Machine Learning or Artificial Intelligence algorithms have gained considerable scrutiny in recent times owing to their propensity towards imitating and amplifying existing prejudices in society. This has led to a niche but growing body of work that identifies and attempts to fix these biases. A first step towards making these algorithms more fair is designing metrics that measure unfairness. Most existing work in this field deals with either a binary view of fairness (protected vs. unprotected groups) or politically defined categories (race or gender). Such categorization misses the important nuance of intersectionality — biases can often be amplified in subgroups that combine membership from different categories, especially if such a subgroup is particularly underrepresented in historical platforms of opportunity.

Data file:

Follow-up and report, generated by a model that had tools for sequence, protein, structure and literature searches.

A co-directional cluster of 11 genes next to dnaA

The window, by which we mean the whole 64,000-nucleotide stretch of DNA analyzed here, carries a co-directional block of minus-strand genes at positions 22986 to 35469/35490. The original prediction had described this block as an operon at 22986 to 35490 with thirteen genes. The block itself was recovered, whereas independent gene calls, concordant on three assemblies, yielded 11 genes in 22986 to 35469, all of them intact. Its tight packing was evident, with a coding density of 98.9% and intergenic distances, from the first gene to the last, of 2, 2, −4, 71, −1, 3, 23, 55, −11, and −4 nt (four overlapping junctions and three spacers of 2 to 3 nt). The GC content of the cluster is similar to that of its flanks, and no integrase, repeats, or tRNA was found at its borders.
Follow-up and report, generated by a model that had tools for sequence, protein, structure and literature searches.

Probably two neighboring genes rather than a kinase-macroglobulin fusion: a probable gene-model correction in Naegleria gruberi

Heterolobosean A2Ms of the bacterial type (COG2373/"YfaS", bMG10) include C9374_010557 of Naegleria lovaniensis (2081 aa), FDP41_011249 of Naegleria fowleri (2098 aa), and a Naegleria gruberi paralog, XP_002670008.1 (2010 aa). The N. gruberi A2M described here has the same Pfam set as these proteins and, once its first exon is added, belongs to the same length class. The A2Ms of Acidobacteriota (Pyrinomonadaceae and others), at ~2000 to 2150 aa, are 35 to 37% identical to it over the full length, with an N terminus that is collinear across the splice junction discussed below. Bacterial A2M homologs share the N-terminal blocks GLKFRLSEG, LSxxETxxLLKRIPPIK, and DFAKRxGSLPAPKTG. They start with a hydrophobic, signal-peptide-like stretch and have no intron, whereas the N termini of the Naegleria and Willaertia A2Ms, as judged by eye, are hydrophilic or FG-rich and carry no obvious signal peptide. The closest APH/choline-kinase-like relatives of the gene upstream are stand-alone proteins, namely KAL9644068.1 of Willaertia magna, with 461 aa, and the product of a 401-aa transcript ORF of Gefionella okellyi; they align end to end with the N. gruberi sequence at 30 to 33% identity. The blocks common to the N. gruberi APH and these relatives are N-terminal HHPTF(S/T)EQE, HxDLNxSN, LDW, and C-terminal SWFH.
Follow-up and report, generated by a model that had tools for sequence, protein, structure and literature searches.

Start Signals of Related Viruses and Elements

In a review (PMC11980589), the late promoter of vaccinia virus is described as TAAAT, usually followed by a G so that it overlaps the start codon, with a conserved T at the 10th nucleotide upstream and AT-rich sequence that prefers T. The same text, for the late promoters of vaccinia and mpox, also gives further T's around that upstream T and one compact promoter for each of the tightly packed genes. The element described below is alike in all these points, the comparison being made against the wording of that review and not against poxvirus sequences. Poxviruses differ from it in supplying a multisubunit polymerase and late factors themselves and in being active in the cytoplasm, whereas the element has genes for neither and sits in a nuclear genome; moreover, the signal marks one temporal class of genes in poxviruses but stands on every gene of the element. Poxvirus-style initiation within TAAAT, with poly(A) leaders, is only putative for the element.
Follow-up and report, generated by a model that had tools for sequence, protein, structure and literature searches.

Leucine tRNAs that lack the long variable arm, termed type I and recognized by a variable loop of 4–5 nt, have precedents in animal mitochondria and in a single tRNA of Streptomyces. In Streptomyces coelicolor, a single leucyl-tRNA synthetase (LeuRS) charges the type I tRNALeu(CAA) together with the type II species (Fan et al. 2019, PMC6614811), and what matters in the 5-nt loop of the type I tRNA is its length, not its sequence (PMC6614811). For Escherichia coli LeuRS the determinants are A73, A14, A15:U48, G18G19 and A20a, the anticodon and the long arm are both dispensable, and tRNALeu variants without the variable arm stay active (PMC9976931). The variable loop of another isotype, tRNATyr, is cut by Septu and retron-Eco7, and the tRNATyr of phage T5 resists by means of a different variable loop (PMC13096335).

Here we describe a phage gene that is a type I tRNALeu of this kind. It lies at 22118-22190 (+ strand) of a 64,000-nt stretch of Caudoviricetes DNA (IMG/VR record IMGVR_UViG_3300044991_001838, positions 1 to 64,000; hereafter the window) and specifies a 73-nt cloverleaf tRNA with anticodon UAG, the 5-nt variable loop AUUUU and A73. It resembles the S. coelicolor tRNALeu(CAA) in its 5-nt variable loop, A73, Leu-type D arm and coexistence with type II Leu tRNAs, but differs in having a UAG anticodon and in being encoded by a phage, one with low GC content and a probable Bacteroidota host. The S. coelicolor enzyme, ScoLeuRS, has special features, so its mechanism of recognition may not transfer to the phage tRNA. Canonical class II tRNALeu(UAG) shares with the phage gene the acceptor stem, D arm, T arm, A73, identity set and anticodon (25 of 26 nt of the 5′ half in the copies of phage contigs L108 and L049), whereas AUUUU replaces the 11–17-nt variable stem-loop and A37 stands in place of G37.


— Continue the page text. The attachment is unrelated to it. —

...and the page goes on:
In this paper, we discuss why fairness metrics need to be looked at under the lens of intersectionality, identify existing work in intersectional fairness, suggest a simple worst case comparison method to expand the definitions of existing group fairness metrics to incorporate intersectionality, and finally conclude with the social, legal and political framework to handle intersectional fairness in the modern context.